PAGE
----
- Central Mississippi Health Services, Inc. – Robinson Rd Jackson, MS – Federally Qualified Health Center Advanced Primary Care Practice Demonstration
- Lumberton Family Health Center Lumberton, MS – Federally Qualified Health Center Advanced Primary Care Practice Demonstration
- Seminary Family Health Center Seminary, MS – Federally Qualified Health Center Advanced Primary Care Practice Demonstration
- Sumrall Family Health Center Sumrall, MS – Federally Qualified Health Center Advanced Primary Care Practice Demonstration
- Women’s Health Center Hattiesburg, MS – Federally Qualified Health Center Advanced Primary Care Practice Demonstration
- Greater Meridian Health Clinic, Inc. Meridian, MS – Strong Start for Mothers and Newborns Initiative
- Southeast Mississippi Rural Health Initiative, Inc. (SEMFHI) Hattiesburg, MS – Strong Start for Mothers and Newborns Initiative
- Central MS Civic Improvement (Jackson-Hinds Comprehensive Health Center, Inc – JCHC) Jackson, MS – Strong Start for Mothers and Newborns Initiative
- Family Health Care Clinic, Inc. (FHCC) Brandon, MS – Strong Start for Mothers and Newborns Initiative
- G.A. Carmichael Family Health Center, Inc Canton, MS – Strong Start for Mothers and Newborns Initiative
- Mallory (Arenia C) Community Health Center, Inc. (MCHC) Lexington, MS – Strong Start for Mothers and Newborns Initiative
- Family Health Center (FHC) Laurel, MS – Strong Start for Mothers and Newborns Initiative
- Delta Health Center, Inc. (DHC) Mound Bayou, MS – Strong Start for Mothers and Newborns Initiative
The Insurance Exchange/Marketplace
What has been done, not been done, or left up to the federal government to do.
Establishing the Exchange in Mississippi
In October 2011, Mississippi’s elected Commissioner of Insurance Mike Chaney (R) announced that the state would establish a Health Insurance Exchange that would be operated by the Mississippi Comprehensive Health Insurance Risk Pool Association and regulated by the Insurance Department.1 However, Governor Phil Bryant (R) has opposed the effort to establish a state-based exchange.
The Comprehensive Health insurance Risk Pool Association was created by the Mississippi Legislature in 1991 to operate the state’s high risk pool, which provides coverage for people who want to purchase insurance but cannot obtain it due to health conditions. Mississippi found that the Association has legal statutory authority to operate the Exchange, subject to regulation and supervision by the Department of Insurance. On March 30, 2012, Governor Phil Bryant (R) signed SB 2589, which redefined the number and requirements for the Association’s Board of Directors.2
In a Request for Proposals (RFP) released on May 22, 2012, the Risk Pool Association described a strategy to develop and implement the Exchange exclusively using outsourced services with a multi-phased approach.3 The first phase focused on creating the web portal with shop and compare functionality, with the RFP for this task already awarded. Phase 2 focuses on Exchange functionality for unsubsidized Qualified Health Plans (QHPs), specifically the plan and premium calculation data that will enable consumers to shop, compare, and enroll in a carrier’s plan through the Exchange portal. This phase also includes marketing and outreach, navigator, call center, and other services necessary to support non-subsidized Exchange functions. Phase 3 includes most plan management, eligibility, and enrollment functionality. The selected vendor for this RFP will coordinate with the Mississippi Division of Medicaid, which continues to be responsible for eligibility determination services for Medicaid and the Children’s Health Insurance Program (CHIP). The fourth and final phase is for other supportive services and may be procured together or as a series of individual procurements. Example tasks that may be included in Phase 4 are collection and reporting of claims and encounter data; accountability and performance monitoring; and calculation, processing, and reporting of reinsurance payment and risk adjustment assignment.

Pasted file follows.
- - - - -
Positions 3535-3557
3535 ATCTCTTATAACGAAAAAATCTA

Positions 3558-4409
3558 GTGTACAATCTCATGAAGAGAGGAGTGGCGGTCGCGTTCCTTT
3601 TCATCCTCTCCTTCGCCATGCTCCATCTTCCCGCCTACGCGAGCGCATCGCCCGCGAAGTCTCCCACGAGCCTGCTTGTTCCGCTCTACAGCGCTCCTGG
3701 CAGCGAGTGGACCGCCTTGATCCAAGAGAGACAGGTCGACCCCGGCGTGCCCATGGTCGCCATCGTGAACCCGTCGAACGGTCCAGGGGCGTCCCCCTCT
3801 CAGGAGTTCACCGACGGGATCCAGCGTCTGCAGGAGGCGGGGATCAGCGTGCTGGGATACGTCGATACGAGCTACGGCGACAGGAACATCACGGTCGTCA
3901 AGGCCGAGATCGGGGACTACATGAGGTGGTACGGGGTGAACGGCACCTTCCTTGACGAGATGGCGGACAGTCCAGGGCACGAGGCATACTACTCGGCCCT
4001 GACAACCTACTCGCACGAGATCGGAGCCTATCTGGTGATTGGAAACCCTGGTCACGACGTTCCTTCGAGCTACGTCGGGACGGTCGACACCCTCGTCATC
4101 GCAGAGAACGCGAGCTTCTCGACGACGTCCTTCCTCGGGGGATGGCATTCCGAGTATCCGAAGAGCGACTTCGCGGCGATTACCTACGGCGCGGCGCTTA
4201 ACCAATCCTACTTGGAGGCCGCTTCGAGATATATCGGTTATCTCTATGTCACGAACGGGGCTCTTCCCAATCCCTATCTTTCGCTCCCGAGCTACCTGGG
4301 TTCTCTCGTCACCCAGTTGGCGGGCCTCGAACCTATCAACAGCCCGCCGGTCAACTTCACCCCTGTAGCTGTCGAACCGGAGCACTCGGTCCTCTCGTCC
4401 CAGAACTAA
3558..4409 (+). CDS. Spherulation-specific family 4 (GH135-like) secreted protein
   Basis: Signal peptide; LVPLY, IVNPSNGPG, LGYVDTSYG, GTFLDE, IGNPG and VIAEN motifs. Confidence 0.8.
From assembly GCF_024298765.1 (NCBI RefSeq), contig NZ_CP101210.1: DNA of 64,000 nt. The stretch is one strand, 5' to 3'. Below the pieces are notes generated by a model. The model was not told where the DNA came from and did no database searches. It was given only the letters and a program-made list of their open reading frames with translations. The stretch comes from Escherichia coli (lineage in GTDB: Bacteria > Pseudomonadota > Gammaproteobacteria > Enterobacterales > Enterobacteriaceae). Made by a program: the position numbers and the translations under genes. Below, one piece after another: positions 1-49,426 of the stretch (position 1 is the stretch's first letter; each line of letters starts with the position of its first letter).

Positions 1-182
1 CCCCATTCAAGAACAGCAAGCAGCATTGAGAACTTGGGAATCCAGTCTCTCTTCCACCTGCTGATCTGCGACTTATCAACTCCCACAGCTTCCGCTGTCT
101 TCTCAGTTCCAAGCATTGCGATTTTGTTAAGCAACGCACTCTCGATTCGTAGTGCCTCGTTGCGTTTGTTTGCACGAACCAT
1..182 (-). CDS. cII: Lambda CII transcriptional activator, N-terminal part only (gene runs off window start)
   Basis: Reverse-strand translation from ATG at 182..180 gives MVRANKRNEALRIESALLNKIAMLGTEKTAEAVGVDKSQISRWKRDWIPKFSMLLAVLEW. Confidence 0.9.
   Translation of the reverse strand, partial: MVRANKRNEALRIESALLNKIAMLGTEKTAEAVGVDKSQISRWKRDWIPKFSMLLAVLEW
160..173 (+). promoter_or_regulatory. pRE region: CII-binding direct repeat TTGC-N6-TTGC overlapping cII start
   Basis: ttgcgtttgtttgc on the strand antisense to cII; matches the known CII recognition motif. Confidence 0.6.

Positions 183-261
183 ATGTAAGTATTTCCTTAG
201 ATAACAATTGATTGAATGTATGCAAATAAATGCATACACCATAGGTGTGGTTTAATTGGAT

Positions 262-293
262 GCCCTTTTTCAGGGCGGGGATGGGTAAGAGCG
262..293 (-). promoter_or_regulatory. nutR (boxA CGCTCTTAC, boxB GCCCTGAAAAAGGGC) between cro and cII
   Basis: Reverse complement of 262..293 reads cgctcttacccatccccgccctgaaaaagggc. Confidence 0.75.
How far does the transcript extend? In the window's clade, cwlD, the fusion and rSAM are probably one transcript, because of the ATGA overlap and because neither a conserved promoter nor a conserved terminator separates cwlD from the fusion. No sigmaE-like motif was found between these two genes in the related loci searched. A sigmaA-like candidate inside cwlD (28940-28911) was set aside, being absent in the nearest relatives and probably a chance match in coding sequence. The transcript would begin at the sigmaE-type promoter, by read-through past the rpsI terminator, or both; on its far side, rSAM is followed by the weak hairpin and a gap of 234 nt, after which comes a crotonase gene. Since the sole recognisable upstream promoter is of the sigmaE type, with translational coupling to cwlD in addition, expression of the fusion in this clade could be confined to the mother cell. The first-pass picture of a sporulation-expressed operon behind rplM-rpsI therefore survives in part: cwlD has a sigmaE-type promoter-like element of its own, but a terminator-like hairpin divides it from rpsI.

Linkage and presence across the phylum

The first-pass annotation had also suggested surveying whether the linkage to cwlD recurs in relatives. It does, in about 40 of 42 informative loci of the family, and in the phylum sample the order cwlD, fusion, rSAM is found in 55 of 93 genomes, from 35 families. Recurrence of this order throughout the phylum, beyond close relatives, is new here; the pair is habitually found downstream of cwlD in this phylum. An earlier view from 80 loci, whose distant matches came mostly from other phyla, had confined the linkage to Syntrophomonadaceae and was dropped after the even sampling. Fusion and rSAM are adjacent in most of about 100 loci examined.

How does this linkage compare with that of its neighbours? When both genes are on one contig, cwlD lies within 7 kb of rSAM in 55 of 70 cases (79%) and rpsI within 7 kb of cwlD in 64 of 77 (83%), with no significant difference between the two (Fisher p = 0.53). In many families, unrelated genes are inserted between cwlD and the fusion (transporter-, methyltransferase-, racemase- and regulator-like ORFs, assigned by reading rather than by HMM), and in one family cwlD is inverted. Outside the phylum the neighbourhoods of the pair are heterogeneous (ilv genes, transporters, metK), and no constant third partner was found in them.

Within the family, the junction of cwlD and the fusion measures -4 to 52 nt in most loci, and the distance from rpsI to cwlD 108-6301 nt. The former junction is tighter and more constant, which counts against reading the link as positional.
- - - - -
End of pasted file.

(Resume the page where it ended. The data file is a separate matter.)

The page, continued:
Once the Exchange has been implemented, the Association would be responsible for tasks including operation of telephone hotline, maintaining the website for prospective enrollees to compare QHPs, assigning a rating to QHPs, and establishing a consumer outreach program. The Insurance Department would be responsible for plan management, including the procedure for QHP certification.
Structure: The Risk Pool Association operating the Exchange is a non-profit entity that is regulated by the Insurance Department.